Raising Goats

We have always been interested in raising goats, mainly because we have quite a lot of forested/ shrubby areas and thought that goats might be very good for helping to manage and clear it out. We received our first goats from a good friend Madeleine. We got a pregnant mother (Tina) and a 3 month old kid (Rosemary).

We were very worried about just how tough goats were going to be on our fencing as we’d had some bad previous experiences with sheep. Our sheep managed to get through every single fence we had up and finally ended up slipping through our back fence and disappearing. We tried to find them again, but sadly it seems they had gone forever. Thankfully our goats seem to be very gentle on fencing. We did first try a tethering system but we found it too much work and now just rotate them regularly through our different paddocks.

Goats tend to eat very differently than either cows or sheep, being more browsers than grazers. They love to trim all the lower branches of a tree and eat very woody plants. They seem to work very well running with our pigs, as the pigs require woody paddocks to help them stay cool and the goats will help clear out any shrubs/ trees that are low-hanging  in the pig paddock. To keep the pigs and goats in we currently have a 4 stranded electric fence connected back to the main energiser and it works well.

Tina was pregnant when she arrived and we all had a very anxious wait while we waited for her baby. Goats more commonly have multiples, however Tina only had one baby, Lavender, who arrived on the 6th December. We chose to hand-rear Lavender inside as it makes it much easier for us to milk Tina and makes Lavender eaiser to handle when she is older and we are milking her.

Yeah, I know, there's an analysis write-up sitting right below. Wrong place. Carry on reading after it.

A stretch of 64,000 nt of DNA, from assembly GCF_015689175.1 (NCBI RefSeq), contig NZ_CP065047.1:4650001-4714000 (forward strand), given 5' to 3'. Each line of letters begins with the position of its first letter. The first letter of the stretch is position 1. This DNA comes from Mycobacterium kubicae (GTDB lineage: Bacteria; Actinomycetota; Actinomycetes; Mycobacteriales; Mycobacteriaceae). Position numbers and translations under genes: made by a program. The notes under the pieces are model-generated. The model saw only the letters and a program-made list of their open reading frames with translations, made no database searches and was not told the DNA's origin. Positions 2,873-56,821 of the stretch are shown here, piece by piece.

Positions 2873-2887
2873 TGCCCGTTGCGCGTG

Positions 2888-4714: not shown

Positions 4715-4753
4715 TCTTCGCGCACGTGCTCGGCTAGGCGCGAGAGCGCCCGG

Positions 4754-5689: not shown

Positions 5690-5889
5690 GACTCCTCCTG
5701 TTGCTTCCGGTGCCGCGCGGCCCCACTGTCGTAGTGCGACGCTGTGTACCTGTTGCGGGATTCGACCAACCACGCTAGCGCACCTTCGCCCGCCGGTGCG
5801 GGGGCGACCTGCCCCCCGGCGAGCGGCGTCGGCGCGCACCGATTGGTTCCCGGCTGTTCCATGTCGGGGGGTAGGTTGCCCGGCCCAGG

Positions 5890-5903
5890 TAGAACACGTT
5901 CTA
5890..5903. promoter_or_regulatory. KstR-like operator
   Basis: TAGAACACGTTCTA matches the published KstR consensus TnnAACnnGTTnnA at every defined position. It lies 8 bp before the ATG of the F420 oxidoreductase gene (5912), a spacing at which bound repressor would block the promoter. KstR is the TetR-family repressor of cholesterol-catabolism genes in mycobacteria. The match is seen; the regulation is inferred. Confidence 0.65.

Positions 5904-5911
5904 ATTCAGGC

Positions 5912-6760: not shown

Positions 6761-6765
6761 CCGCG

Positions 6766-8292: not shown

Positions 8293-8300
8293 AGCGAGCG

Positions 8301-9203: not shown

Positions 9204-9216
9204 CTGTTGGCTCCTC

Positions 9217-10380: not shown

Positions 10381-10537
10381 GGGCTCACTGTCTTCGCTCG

When we were hand-raising Lavender we used to keep her in a big tub inside during the night and then put her outside during the day. When she got a little bigger she used to occasionally escape and we had to track a rouge goat through the house and try to stop her causing damage. She was relocated outside very shortly after smashing a vase that was sitting on the coffee table. Once she went outside we tried to run her in the house yard but then she ate all the plants that were on our veranda and decided that all our deck chairs were her personal property. We then confined her to a smaller fenced yard where our precious pot plants were safe from a ravenous goat.

After having the 3 goats for a little while we decided that it would be great to be able to breed them and milk the three goats when they do have babies. We got a buck kid from Madeleine again and hand-reared him. He was a gorgeous black and white kid named Forest.

Overall our experience with raising goats has been very positive. They are very easy animals to look after and they produce a nice amount of milk that we normally turn into yoghurt. You do just need to remember to close the gates otherwise you end with some goats waking you up from a peaceful nap by charging up and down the deck.

Wicking Bed Gardens

When we first moved onto our property one of the first things we did was set up some gardens in front of the shed. Using wooden pine edging we made raised gardens and started planting them. At first they worked well but as time went on they started to rot away and were falling apart. They were also very hard to work in as we couldn’t reach the middle without getting in the gardens to weed. We wanted to change our gardens but we weren’t quite sure what to do instead.

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